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Ophthalmic Molecular Genetics |

An Investigation Into LOXL1 Variants in Black South African Individuals With Exfoliation Syndrome FREE

Robyn M. Rautenbach, MBChB, DipOphth(SA); Soraya Bardien, PhD; Justin Harvey, MCom(Mathematical Statistics); Ari Ziskind, MBChB, FCSOphth(SA), MSc, BSc
[+] Author Affiliations

Author Affiliations: Division of Ophthalmology, Stellenbosch University and Tygerberg Hospital (Drs Rautenbach and Ziskind); and Division of Molecular Biology and Human Genetics, Faculty of Health Sciences (Dr Bardien) and Centre for Statistical Consultation, Department of Statistics and Actuarial Science, Stellenbosch University (Dr Harvey), Cape Town, South Africa.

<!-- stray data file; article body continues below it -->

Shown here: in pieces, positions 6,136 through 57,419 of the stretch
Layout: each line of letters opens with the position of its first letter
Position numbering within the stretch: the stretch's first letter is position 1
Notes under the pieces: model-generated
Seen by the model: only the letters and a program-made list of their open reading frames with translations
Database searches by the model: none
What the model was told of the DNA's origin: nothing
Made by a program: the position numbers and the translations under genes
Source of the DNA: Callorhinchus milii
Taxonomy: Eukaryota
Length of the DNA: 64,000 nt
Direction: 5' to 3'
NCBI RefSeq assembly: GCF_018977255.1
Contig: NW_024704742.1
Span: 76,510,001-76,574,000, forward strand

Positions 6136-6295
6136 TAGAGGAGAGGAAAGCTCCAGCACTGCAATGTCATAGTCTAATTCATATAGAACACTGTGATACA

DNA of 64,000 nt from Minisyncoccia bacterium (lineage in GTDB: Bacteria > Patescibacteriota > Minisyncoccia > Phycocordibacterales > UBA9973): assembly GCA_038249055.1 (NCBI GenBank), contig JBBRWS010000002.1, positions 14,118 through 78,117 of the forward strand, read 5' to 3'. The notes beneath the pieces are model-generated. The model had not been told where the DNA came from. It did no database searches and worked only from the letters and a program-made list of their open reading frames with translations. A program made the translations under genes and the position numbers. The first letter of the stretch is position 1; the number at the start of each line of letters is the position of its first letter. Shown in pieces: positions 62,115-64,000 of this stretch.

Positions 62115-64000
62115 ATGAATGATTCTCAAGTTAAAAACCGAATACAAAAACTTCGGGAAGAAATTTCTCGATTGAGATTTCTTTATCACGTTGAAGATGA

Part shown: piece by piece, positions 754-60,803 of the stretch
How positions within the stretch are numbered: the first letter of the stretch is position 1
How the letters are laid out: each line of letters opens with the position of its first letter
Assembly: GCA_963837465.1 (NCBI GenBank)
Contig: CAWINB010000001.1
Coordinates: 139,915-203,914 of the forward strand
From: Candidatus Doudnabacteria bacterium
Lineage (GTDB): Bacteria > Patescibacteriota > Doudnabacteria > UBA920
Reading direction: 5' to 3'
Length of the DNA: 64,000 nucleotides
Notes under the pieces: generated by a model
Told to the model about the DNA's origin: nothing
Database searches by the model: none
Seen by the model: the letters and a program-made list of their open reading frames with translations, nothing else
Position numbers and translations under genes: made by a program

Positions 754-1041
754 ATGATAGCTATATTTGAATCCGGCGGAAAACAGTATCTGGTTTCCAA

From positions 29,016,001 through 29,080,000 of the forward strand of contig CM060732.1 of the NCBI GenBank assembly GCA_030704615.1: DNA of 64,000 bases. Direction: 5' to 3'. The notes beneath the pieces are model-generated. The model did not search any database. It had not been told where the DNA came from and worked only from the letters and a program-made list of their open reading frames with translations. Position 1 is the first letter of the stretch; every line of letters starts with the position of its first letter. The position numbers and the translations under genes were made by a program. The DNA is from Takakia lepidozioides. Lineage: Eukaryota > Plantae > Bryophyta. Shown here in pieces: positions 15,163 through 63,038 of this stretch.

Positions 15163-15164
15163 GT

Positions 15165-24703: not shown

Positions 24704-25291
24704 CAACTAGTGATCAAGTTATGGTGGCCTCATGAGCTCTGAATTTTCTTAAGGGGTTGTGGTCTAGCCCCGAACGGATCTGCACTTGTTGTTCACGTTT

Section Editor: Janey L. Wiggs, MD, PhD

More Author Information
Arch Ophthalmol. 2011;129(2):206-210. doi:10.1001/archophthalmol.2010.349.
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Published online

Objective  To investigate the association between 2 lysyl oxidase–like 1 (LOXL1) polymorphisms, rs1048661 (R141L) and rs3825942 (G153D), and exfoliation syndrome (XFS) in black South African individuals.

Methods  A total of 43 black patients with XFS and 47 ethnically matched controls were recruited for genetic analysis. Samples were analyzed for presence of the LOXL1–R141L and G153D variants using restriction fragment length polymorphism analysis. A case-control association study was performed.